My cell phone was apparently assembled at gunpoint by drunk Yugoslavians in the year 1984. The only way for it to receive any sort of discernible transmission within my house is for me to hold it about six inches above my left ear while I stand one foot on the toilet and one foot on the rim of the tub. Triumphantly perched as though I’d conquered all the porcelain in my house, I can talk to another party if I shout, and I can hear them if I strain my neck and focus my ear.
It’s a pretty poor system of communication, made only worse by the traffic, Weed Eaters, ice cream bells, and norteño music of my working-class neighborhood of Cherokee Point — a border section between North Park and City Heights, on University Avenue between the 805 and 15. If I’m in a fun and forgiving mood, I’ll describe my street as “lively” and “blue collar,” or “a rich tapestry of many cultures.” If I’m working, trying to watch a movie, or talking on my phone, and what keeps invading my home is the sound of someone lying across a work-truck horn, or a family ringing in a young lady’s 15th birthday with a band, chickens, and fireworks, then I call the place “the damn ghetto!” or simply “shithole!” My street is incredibly loud.
I get crabby at all the racket and sometimes come firing from my front door to confront the offending noisemaker. I’ve been dangerously close to being socked in the beak because I’ve demanded that someone shut off a car alarm or quiet (shoot if you have to!) a pack of baying dogs. Which seems like common sense to me, but the people of my neighborhood don’t perceive sound the way I do. I’ve run out of my apartment to request from parents that their children stop pitching pennies, glass bottles, and small rocks onto my tile roof, and we’ve all — me, the parents, the children — stood there dumbfounded by the others’ actions, our heads cocked to the side like puppies presented with math.
And I’ve lived in nearly every neighborhood in central and coastal San Diego. Same thing. Although, in my Pacific Beach youth, I was more likely the offender than the offended. Looking back, I clearly thought that stumbling home drunk by way of Garnet Avenue at 2:00 a.m. on a Wednesday and playing frenetic and brassy jazz records was a way of liberating the stuffy tenants of my apartment complex from the moorings of their conformity. Coltrane might agree with me, but find my old neighbors, and I’m sure they would hold a different opinion.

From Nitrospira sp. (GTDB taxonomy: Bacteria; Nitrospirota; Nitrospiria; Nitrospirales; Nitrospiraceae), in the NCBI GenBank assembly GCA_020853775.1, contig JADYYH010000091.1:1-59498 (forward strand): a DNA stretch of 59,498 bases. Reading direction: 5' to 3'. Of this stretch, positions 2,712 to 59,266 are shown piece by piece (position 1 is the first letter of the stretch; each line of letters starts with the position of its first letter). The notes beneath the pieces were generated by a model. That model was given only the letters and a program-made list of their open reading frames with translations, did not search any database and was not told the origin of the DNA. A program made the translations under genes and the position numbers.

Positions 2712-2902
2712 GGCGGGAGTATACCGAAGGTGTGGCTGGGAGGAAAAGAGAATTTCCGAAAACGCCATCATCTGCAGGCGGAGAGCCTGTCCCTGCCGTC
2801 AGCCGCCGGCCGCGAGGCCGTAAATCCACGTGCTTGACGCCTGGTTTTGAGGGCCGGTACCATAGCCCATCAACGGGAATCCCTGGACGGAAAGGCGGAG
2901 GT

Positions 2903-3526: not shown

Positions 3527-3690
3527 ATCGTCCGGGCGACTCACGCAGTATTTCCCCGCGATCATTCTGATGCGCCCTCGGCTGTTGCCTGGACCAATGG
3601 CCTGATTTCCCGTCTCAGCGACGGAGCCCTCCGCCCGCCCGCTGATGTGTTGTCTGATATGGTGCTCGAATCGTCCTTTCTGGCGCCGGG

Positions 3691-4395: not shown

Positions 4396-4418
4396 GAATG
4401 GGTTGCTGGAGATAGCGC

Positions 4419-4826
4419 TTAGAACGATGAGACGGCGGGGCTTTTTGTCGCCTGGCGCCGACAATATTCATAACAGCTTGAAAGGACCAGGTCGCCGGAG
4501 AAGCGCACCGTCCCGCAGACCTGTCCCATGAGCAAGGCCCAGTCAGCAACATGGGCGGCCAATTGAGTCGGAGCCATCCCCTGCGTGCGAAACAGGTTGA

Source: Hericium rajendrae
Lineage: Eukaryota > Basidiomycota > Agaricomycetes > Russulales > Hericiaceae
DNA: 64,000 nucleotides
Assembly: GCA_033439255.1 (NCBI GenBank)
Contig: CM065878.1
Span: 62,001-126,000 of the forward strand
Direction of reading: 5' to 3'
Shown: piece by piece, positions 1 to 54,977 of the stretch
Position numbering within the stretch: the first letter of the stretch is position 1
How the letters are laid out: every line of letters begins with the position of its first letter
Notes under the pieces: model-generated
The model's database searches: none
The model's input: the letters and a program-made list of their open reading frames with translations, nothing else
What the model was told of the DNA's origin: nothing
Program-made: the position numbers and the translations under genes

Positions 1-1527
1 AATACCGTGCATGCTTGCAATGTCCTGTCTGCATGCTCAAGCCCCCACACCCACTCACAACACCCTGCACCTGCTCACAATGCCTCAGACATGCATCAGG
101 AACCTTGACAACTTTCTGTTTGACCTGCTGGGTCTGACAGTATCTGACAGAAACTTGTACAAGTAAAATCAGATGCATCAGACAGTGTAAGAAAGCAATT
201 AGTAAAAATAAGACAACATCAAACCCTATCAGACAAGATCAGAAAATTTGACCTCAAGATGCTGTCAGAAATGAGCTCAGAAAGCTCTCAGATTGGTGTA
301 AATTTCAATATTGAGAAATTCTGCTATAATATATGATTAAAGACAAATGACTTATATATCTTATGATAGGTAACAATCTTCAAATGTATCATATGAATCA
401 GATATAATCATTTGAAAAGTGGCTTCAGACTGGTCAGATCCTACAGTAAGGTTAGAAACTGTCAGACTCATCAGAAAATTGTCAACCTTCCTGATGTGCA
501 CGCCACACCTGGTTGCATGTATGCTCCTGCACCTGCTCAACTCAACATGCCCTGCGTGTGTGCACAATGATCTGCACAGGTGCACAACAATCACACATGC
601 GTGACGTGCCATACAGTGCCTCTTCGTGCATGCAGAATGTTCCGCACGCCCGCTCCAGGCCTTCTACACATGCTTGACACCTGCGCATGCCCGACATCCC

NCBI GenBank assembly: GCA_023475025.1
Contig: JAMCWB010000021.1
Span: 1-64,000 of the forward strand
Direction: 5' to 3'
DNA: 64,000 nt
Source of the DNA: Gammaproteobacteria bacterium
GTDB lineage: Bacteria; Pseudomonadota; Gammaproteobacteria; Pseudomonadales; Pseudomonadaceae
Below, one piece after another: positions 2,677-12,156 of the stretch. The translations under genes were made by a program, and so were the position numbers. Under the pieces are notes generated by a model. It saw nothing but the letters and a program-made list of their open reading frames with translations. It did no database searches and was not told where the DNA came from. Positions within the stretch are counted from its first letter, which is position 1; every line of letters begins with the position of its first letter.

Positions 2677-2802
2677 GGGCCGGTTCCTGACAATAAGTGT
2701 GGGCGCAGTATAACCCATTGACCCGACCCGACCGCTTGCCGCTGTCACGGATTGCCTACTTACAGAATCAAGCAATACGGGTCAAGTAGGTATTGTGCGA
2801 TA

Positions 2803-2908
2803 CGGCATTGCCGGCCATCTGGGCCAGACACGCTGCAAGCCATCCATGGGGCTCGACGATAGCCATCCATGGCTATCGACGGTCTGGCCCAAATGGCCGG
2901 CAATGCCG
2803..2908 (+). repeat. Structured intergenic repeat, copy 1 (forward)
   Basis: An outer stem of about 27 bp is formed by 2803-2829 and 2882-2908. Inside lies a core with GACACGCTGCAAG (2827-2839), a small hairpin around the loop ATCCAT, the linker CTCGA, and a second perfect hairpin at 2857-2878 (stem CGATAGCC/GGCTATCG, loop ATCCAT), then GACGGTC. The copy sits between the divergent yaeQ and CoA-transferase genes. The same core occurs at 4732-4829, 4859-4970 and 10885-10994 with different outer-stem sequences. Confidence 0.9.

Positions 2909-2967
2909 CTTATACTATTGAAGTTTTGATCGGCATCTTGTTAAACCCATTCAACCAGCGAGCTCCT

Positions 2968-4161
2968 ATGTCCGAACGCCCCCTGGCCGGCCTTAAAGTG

Which got me thinking I should go and look for the loudest and quietest areas of the city, to see if there is a neighborhood that respects silence. If I ever want to get any work done, I might have to move there.
First thing to do is buy a decibel meter. Not usually one for purchasing gadgets (see cell phone description above), for this experiment I want an objective electronic authority. So I drive to the sprawling big-box store called Fry’s. Normally, when confronted with vast aisles of wiring, cameras, circuitry, laptops, and televisions, I wander as though lost through a great plastic forest, until a sales executive finds me huddled over a trash fire, naked, bearded, and drinking the remnants of a discarded backwashed Pepsi for sustenance — so I am a shade hesitant to go inside this megalopolis of computing hardware. But this time, with incredible luck, I walk directly to the pertinent section of the store, find the decibel meter, pay at the front register, and walk out. Standing in the parking lot, I look at the sundial on my phone and calculate that I’ve been inside only seven minutes. Astonishing.
Armed with my new toy, I begin to take readings around my place, holding the meter an inch from anything making noise. My air conditioner: 44.3 dB. Running water in my sink: 64 dB. Having a piss: 75.1 dB.
I call my friend and sometime-assistant Casey at her dungeon, where I force her to slave over hot search engines and reference manuals, to tell her my findings.
“You’ve got some loud pee,” she says.
“If I had a nickel for every time I heard that…But that’s not why I’m calling. Do you know of any place in town that might be pretty loud?”
“Gay Pride Parade is this weekend.”
Sweet Molasses, the Mother Lode. (Bonus! Compact, half-naked, energetic Puerto Ricans.) But I have a couple days to kill before the festivities start, so maybe I’ll visit some neighborhoods around town to see how they measure up on bothersome sounds. I wonder how the City of San Diego classifies and attempts to abate noise pollution?
Well, as always, the city website is a jumble of legal information and horrid, boring garbage that I’ll attempt to summate. (Bear with me, this promises to get a little dry.) Our fair hamlet allows for construction, generator, animal, and machinery noise, and a whole list of other audible irritations, between 7:00 in the morning and 7:00 at night every day except Sunday and holidays. From sandiego.gov, I foxed out this oddly worded rule:
“It shall be unlawful for any person, between the hours of 7:00 p.m. of any day and 7:00 a.m. of the following day, or on legal holidays…with exception of Columbus Day and Washington’s Birthday, or on Sundays, to erect, construct, demolish, excavate…any building or structure in such a manner as to create disturbing, excessive or offensive noise unless a permit has been applied for and granted.…”
I’m sure that the intent of that statute isn’t to allow absolute anarchy — destroying any building you see fit, whether it belongs to you or not, with any means available, be it dynamite, chainsaw, or pack of horses — on Columbus Day and Washington’s Day, but that’s how I read it. What a way to perk up holidays normally associated with mattress and linen sales. Anyway, carrying on.…